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Every Tom Hanks Movie, Ranked Worst to Best

From WWII heroes to hired killers, Forrest Gump to Fred Rogers — we rank every one of the Oscar winner’s roles

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When Brian Grazer was recently asked by the New York Times to say a few things about Tom Hanks, the producer recalled a conversation he was having with some colleagues about a project they were putting together in the mid-’90s. They wanted to retell the story of Apollo 13’s perilous, aborted journey to the moon; common sense and studio suits dictated that they get not just a star in the role, but the kind of matinee-idol, action-movie posterboy that would get people cheering in the aisles and spilling their popcorn. Grazer listened to everyone weigh in, then asked them: Who does the world want to save the most? The unanimous answer: Tom Hanks.

For decades now, the 63-year-old actor has been the movies’ A-list everyman of choice, Hollywood’s Mr. Nice Guy, one half of a showbiz power couple and the kind of real-life Good Samaritan that inspires by example. When he announced via Instagram that he and his wife Rita Wilson had contracted the coronavirus when he was in Australia filming Baz Luhrmann’s Elvis biopic (Hanks was cast as Colonel Tom Parker), it not only made the pandemic suddenly feel horribly real but became a national drama: America’s dad has COVID-19? Not Tom! And when they finally made it back to Los Angeles after inching down the road to recovery, surprise-hosting a remote SNL episode and giving a commencement speech via Zoom, you could practically hear a collective sigh of relief. You can’t go yet, Tom. We still need you.

He’s such a beloved figure, in fact, that it’s easy to forget the multiple Oscar-winner is more than just the sum of his sweet attributes, and is not just a movie star — i.e., the kind of marquee name that you go to for the same comfortable screen qualities time and again — but one hell of a versatile performer as well. And he’s such a totem of modern American filmmaking that it’s just as easy to forget he was not always on Hollywood’s version of Mt. Rushmore — this is also the guy who made those Dan Brown blockbusters, costarred in a buddy-cop with a slobbering pooch and has had his share of career low points. It hasn’t all been Forrest Gump fun and games. You do not spend four decades in this industry without a Dragnet or two.

Given his recovery and the fact that the three — three! — movies we were supposed to get from him in 2020 (the WWII drama Greyhound, the sci-fi headscratcher BIOS, and the Western News of the World) may not screen until next year, we figured it was time to look back at Hanks’ career as a whole and re-view the good, the bad, and the occasionally ugly.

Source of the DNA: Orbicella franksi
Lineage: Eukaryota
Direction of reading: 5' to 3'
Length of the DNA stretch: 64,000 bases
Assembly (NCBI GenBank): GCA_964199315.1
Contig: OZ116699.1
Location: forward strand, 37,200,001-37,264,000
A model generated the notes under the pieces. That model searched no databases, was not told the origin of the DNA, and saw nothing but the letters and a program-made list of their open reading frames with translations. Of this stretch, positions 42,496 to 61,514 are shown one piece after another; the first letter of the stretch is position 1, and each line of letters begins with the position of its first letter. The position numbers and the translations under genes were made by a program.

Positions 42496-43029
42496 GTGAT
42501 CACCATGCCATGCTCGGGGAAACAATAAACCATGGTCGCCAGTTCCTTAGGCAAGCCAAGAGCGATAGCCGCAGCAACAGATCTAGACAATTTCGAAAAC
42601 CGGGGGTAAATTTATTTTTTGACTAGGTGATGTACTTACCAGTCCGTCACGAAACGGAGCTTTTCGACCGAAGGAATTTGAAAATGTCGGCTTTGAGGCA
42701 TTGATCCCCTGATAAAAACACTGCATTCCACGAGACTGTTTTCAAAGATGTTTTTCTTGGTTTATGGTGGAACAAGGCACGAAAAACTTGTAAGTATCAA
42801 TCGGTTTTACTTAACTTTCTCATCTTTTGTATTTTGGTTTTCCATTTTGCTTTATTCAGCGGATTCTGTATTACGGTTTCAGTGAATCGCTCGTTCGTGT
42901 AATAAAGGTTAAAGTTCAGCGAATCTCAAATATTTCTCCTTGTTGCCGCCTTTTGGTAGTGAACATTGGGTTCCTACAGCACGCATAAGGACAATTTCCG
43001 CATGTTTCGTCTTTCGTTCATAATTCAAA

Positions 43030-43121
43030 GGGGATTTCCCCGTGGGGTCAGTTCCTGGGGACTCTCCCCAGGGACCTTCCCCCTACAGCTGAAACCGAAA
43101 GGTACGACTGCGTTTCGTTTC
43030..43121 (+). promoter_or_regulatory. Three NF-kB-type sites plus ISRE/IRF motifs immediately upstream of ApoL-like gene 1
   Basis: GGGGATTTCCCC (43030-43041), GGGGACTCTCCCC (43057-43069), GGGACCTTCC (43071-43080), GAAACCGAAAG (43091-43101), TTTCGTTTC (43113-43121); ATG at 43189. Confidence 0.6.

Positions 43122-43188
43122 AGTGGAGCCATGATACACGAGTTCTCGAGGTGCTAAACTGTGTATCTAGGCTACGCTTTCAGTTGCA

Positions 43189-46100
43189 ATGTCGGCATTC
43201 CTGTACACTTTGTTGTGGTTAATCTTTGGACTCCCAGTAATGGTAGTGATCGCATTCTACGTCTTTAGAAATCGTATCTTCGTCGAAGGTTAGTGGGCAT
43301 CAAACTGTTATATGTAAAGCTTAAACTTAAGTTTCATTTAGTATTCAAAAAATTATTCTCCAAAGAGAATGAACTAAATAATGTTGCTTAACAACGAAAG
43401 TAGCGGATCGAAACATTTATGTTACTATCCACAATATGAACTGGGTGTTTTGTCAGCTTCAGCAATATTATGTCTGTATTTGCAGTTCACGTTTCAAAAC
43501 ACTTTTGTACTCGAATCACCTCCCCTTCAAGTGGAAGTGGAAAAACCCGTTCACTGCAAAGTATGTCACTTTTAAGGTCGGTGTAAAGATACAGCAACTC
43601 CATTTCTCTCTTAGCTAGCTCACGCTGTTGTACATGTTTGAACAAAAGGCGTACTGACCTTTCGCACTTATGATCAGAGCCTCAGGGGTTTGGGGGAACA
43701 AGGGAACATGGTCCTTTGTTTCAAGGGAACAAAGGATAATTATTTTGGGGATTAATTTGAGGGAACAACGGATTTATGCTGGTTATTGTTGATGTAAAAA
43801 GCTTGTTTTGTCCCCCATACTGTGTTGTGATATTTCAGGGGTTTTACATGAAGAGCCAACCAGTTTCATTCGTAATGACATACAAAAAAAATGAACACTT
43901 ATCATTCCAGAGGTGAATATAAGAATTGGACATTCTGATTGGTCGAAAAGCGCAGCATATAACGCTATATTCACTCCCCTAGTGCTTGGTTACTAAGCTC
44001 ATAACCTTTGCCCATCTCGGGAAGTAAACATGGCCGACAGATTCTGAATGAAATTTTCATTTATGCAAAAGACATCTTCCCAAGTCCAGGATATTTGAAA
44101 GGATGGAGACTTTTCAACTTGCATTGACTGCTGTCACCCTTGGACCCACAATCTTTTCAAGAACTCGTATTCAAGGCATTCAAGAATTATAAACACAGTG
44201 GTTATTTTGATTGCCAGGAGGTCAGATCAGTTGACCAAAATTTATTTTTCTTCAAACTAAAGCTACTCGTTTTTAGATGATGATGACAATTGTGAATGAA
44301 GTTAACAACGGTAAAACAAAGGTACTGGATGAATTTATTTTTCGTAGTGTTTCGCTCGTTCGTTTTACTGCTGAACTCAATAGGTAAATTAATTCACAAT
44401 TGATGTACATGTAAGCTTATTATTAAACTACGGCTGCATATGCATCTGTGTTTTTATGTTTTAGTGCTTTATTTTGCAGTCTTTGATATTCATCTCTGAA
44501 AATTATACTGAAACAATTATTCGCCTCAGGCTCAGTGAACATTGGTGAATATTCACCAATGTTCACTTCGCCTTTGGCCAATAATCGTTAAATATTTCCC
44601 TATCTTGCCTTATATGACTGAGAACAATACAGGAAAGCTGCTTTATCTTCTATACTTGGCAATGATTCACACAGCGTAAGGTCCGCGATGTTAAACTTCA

Here are the man’s movies ranked from worst to best — the goofy comedies and award-winning dramas, the franchise-starring turns and cameos in indies, the cheerworthy and the cringeworthy. (We judged the rankings via a combination of how good the movie was overall; how good the actor was in the film specifically, and several random consultations of the I Ching.) Hanks for the memories, sir. We’re so glad you’re feeling better.

From Rolling Stone US


‘Sully’ (2016)

Hanks was always being compared to Jimmy Stewart in his early movie-star years; here, he gets a crack at being a modern-day Gary Cooper. Clint Eastwood’s recounting of U.S. Airways Flight 1549’s miraculous landing on the Hudson River — and the pilot, Chesley “Sully” Sullenberger, whose expertise helped avert a major disaster — is partially a first-rate rescue docudrama, and partially an indictment of a system that would question the abilities of an honest-to-God American hero. You can practically feel Eastwood seething behind the camera every time a pencil-pusher mentions “computer simulations” or doubts Sully’s professionalism. Yet “doubt” is exactly what this pilot feels as well, plagued by thoughts of what might have happened; watch the character bristle every time someone calls him a “hero.” In prime silver-fox, stoic-masculinity mode, the star more than shows you Sully’s grace under pressure. But “the human factor” is what matters here — and that’s exactly what the actor brings to the table. If he’s channeling Cooper, it’s the anxious-yet-steadfast version we see in High Noon, and the conflict between those two emotions inspires one of the actor’s best late-career performances. Sullenberger was the right man for the job. So was Hanks.